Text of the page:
Mohler answers assorted questions on faith and reason at UCLA event

Communications Staff — March 5, 2018

One student asked about the Christian understanding of gender and transgenderism. Another asked why God allows “80 percent” of the world’s population to spend eternity in hell. Yet another student asked about Christians participating in stem cell research and therapies. In all, R. Albert Mohler Jr. answered questions as varied as the people in the room.

The event was the second stop on the Ask Anything Tour, a series of public question-and-answer forums with Mohler on university campuses around the United States. This latest stop, on March 2, was at the University of California at Los Angeles. An estimated 1,000 students crammed into a conference space in Carnesdale Commons, with overflow spaces streaming the event on TV screens. The first event was last month at the University of Louisville.

Each question received a specific answer from Mohler, but every answer came from the same place: historic Christian thought based on the Bible.

“The two biggest questions that frame my understanding of where to begin and how to proceed [with important, difficult questions] are ‘Does God exist?’ and ‘Does he speak?’” said Mohler, who is president of The Southern Baptist Theological Seminary in Louisville, Kentucky. “I believe God does exist, that he’s the self-existent, self-revealing God. He exists and he speaks. He speaks to us in nature — the Bible is very clear about that. He speaks to us in Scripture definitively. He speaks to us in the incarnation of Jesus Christ savingly.

“If I didn’t have that assurance, I wouldn’t dare stand up in front of an audience of one to talk about how we can ask and answer the biggest questions of life. But if indeed we have that confidence that he is there and he is not silent … we know where to begin.”

Mohler returned to the authority of the Bible and its foundational place in Christian theology throughout the evening. For nearly two hours, he addressed wide-ranging questions related to the problem of evil, evolutionary theories, and God’s exclusive means of salvation. And for each, Mohler argued Christians must begin their reasoning with the Bible.

When he was asked about Christianity’s response to transgenderism and growing cultural acceptance of non-binary gender identity, Mohler stressed that only God owns the right to answer that question — and he’s revealed his answer in the Scriptures.

“I believe [gender] is a fixed identity,” he said. “I believe it’s not fixed by me, certainly; it’s not fixed by the individual. It’s fixed by the Creator. … Let me clearly state what Albert Mohler thinks about this should be of virtually no consequence.

“What God thinks about this, and has revealed about this, is of ultimate consequence. So anything I say about anything, and especially something like this, you should test by Scripture, because that’s the only way we can possibly know about what the Creator has instructed us about ourselves.”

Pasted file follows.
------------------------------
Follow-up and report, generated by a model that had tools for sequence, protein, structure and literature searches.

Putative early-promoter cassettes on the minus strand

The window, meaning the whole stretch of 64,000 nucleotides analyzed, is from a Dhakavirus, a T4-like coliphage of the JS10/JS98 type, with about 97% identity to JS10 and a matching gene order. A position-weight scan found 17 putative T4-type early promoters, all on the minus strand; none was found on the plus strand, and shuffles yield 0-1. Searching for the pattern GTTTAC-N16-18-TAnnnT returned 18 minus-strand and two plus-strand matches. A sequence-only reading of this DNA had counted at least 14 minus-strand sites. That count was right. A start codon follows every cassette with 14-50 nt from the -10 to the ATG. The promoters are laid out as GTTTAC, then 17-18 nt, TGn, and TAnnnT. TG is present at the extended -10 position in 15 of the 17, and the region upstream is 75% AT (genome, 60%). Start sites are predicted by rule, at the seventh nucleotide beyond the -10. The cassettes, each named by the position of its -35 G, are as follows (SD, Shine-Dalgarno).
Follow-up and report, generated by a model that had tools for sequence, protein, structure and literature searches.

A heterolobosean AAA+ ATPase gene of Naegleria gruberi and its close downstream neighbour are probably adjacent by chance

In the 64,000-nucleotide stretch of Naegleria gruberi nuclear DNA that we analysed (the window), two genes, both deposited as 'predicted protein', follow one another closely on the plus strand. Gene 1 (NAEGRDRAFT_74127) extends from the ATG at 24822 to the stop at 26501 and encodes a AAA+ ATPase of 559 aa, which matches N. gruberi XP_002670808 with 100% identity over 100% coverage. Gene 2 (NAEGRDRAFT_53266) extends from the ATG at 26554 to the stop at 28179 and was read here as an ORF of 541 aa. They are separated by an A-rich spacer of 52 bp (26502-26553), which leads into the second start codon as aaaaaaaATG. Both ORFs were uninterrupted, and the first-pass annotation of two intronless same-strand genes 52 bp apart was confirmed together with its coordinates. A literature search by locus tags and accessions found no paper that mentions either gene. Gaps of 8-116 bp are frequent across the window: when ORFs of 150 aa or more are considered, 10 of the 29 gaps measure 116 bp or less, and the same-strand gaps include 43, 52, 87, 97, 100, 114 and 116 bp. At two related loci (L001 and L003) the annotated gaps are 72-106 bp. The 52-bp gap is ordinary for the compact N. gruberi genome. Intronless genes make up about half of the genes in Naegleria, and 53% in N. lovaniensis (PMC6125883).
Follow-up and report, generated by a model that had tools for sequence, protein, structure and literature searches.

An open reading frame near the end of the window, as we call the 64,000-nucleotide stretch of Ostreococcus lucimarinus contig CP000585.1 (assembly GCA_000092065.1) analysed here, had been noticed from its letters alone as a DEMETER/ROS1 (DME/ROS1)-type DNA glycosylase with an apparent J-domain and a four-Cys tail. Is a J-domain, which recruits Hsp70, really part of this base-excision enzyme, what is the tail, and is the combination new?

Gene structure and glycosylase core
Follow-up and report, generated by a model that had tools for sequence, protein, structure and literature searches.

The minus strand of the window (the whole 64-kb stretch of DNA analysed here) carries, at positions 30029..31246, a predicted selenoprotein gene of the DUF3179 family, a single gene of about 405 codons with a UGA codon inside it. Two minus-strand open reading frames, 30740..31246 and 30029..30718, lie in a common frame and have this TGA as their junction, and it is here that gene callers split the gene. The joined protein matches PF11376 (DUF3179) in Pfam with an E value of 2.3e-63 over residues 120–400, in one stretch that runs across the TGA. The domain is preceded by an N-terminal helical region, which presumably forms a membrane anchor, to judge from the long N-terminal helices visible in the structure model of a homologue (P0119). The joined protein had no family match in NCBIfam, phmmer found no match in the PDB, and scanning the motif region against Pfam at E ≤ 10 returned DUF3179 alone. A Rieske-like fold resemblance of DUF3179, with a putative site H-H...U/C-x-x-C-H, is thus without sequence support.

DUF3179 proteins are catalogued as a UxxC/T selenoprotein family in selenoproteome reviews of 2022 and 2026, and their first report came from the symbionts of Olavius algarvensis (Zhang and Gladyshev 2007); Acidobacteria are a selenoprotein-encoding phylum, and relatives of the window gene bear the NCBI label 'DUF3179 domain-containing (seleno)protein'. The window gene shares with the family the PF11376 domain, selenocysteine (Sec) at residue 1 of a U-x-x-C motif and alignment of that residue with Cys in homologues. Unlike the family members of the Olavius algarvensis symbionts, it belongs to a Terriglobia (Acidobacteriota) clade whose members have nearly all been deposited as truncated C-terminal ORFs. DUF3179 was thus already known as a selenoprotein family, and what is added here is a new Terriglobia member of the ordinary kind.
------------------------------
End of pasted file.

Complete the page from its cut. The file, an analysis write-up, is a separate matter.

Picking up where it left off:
Mohler’s appeal to the Bible, he made clear, isn’t simplistic and isn’t a call to proof-texting, or finding a passage of Scripture that fits a reader’s already-formed opinion. Answers to tough questions often require nuance.

One student asked Mohler if he “agrees with the apostle Paul” in his descriptions of homosexuality as “degrading” and “detestable.” Mohler affirmed Paul’s assessment. But he said Christians cannot escape that Paul’s “bracing” language applies to all of humanity.

“Those words are addressed in the Scripture to every single son and daughter of Adam,” Mohler said. “Those words are not uniquely addressed in the entirety of Scripture to those who may either struggle with same-sex attraction or be engaged in actual same-sex behavior.”

He went on to explain — demonstrating the kind of work that goes into interpreting the Bible — that what is unique in Paul’s treatment of homosexuality is that he uses it as an example of how far sin will take people in distorting God’s design. They will take it even to the point of acting against their very nature. That doesn’t mean, Mohler argued, that homosexuality is in some way a more sinful type of sin.

“The struggle and pattern of sin may be different, but the need is the same and the call of obedience is the same,” he said.

Other questions from UCLA students ranged from racism in America to issues of bioethics to Mohler’s strategy for reading books.

The Ask Anything Tour is a partnership between Southern Seminary and Ligonier Ministries, a discipleship organization founded by theologian R.C. Sproul. Future dates at other universities are in the planning stage.

The next morning, March 3, Ligonier hosted Truth and Consequences, where Mohler was joined by Ligonier teaching fellows Burk Parsons and Stephen Nichols in teaching Christian students and student ministry leaders about apologetics. The three organized their talks around three theological premises: God is, God speaks, and God saves.

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